Archive for the ‘Free trade’ Category

Meat exports sold to more than 100 countries

May 30, 2017

New Zealand’s meat exporters come in for a lot of criticism, either for selling too cheaply or for not adding value, and certainly because they can’t (or don’t) pay farmers enough for their livestock. This final criticism is presumably a direct result of the first two – the prosecution’s case argues if they sold product at a higher price or added more value, they would automatically be able to pay more for livestock. (more…)

British agricultural report sees NZ as model for the future

May 16, 2017

A recently published report entitled The Future is Another Country by British consulting firm, Ferguson Cardo, attempts to describe a positive picture of post Brexit Britain, using the example of New Zealand in the 1980s as proof of what is possible. The authors base their hypothesis on certain key events, including the removal of subsidies, dismantling the producer boards’ funding model and compulsory acquisition rights, and a refocus away from the UK towards Asia. (more…)

UK farming looks doomed

May 13, 2017

Two contrasting publications have each given a pretty damning picture of the state of farming and food production in pre-Brexit UK; and despite the conclusions of the Ferguson Cardo report into the future of British agriculture, it is hard to see how this situation will change for the better without a huge amount of pain on the way. But equally it is almost impossible to imagine a continuation of the status quo within the EU, where in 2015 70% of UK farm income came from direct and environmental subsidies. (more…)

Good trade news for red meat – let’s hope it happens quickly

March 30, 2017

The visit by Chinese Premier Li Kequiang has been very positive in several ways for New Zealand’s trade agreements, except for those people who are anti free trade or closer engagement with China (Winston Peters?). After the excitement about the announcement in April last year during the John Key led trade mission, progress on chilled red meat access to China and an upgraded FTA appeared to have gone onto the back burner, until now. (more…)

Trump encourages trade winds to blow cold

February 9, 2017

It hasn’t taken long for the hawkish new US President to throw several cats among the trade pigeons or doves if you prefer. He has wasted no time in signing an executive order to withdraw from the TPP over which 12 countries had slaved for seven years, but now the participant that probably caused the most delay has acted to ensure it won’t happen at all. (more…)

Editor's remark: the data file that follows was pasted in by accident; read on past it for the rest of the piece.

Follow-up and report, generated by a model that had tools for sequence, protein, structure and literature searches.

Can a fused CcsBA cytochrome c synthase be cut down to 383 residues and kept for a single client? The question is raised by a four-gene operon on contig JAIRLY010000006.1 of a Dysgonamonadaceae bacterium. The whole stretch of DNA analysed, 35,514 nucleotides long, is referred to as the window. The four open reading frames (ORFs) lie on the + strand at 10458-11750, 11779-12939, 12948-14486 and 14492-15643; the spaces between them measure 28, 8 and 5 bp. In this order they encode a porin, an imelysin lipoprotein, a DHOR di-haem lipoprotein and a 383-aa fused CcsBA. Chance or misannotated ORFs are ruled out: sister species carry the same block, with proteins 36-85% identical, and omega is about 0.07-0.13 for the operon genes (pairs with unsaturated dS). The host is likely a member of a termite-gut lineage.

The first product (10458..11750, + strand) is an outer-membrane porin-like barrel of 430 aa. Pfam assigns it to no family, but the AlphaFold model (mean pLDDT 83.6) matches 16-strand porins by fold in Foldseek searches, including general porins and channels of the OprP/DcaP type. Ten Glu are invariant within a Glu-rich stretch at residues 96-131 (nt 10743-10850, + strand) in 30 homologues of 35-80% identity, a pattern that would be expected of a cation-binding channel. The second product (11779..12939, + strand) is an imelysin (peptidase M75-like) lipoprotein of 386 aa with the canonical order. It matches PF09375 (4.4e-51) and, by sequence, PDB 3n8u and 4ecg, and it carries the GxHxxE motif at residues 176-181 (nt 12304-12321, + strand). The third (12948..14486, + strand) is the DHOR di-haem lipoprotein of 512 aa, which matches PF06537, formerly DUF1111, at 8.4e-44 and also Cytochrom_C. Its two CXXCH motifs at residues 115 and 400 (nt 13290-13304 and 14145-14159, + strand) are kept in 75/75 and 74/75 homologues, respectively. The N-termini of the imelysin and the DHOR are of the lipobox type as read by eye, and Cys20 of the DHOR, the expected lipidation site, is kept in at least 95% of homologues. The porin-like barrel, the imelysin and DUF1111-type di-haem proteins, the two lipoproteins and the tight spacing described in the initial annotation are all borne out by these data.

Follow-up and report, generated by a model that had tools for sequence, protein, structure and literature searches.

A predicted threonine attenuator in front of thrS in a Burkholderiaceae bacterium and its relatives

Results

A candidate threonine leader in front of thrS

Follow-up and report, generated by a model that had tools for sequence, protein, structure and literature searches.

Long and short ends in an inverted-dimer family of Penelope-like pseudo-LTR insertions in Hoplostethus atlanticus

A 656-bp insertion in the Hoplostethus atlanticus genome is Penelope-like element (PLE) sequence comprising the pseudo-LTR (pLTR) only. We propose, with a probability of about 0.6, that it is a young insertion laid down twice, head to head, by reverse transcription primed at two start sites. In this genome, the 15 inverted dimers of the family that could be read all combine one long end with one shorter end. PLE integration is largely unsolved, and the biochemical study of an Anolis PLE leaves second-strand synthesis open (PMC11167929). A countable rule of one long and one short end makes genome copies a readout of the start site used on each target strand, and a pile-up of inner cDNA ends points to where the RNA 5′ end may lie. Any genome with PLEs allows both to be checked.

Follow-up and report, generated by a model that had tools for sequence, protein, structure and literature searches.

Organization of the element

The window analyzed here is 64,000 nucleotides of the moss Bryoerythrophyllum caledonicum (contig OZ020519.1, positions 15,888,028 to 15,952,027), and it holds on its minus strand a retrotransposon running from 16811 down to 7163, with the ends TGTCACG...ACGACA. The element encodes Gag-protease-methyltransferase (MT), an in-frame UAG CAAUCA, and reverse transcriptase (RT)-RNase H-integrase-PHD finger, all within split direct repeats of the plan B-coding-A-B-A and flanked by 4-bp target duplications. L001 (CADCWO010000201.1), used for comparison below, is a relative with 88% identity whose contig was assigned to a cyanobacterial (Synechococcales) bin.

Meat exporters and farmers must get used to change

November 22, 2016

As if Brexit wasn’t a big enough shock, the US presidential election has really set the cat amongst the pigeons. Commentators of all nationalities and political inclinations have literally no idea how a Trump presidency will affect the world order, from trade agreements and global interest rates to immigration or deportation, let alone internal security issues and relationships with other nations. (more…)

Alliance in good shape

November 12, 2016

Alliance has produced a solid result for the year ended 30 September with a pre-tax profit of $10.1 million compared with $7.9 million for the previous year achieved on 9% lower revenue of $1.366 billion. Of greater significance to farmers is the decision to distribute $9.8 million to shareholders, while the company’s equity position has improved from 58% of assets to 72%. Debt reduced from $129 million to $41 million with no seasonal debt at year end. (more…)

Trade benefits need selling to New Zealanders

October 11, 2016

Just when we thought New Zealand was about to enjoy the benefits of several new agreements, not least TPP, the world appears to be growing more and more averse to signing up to trade deals. There is a distinct trend towards self-reliance and protectionism among countries that have up to now been champions of the benefits of free trade, most obviously sizable blocs of voters in the United States, EU and Great Britain exercising their democratic right to protest. (more…)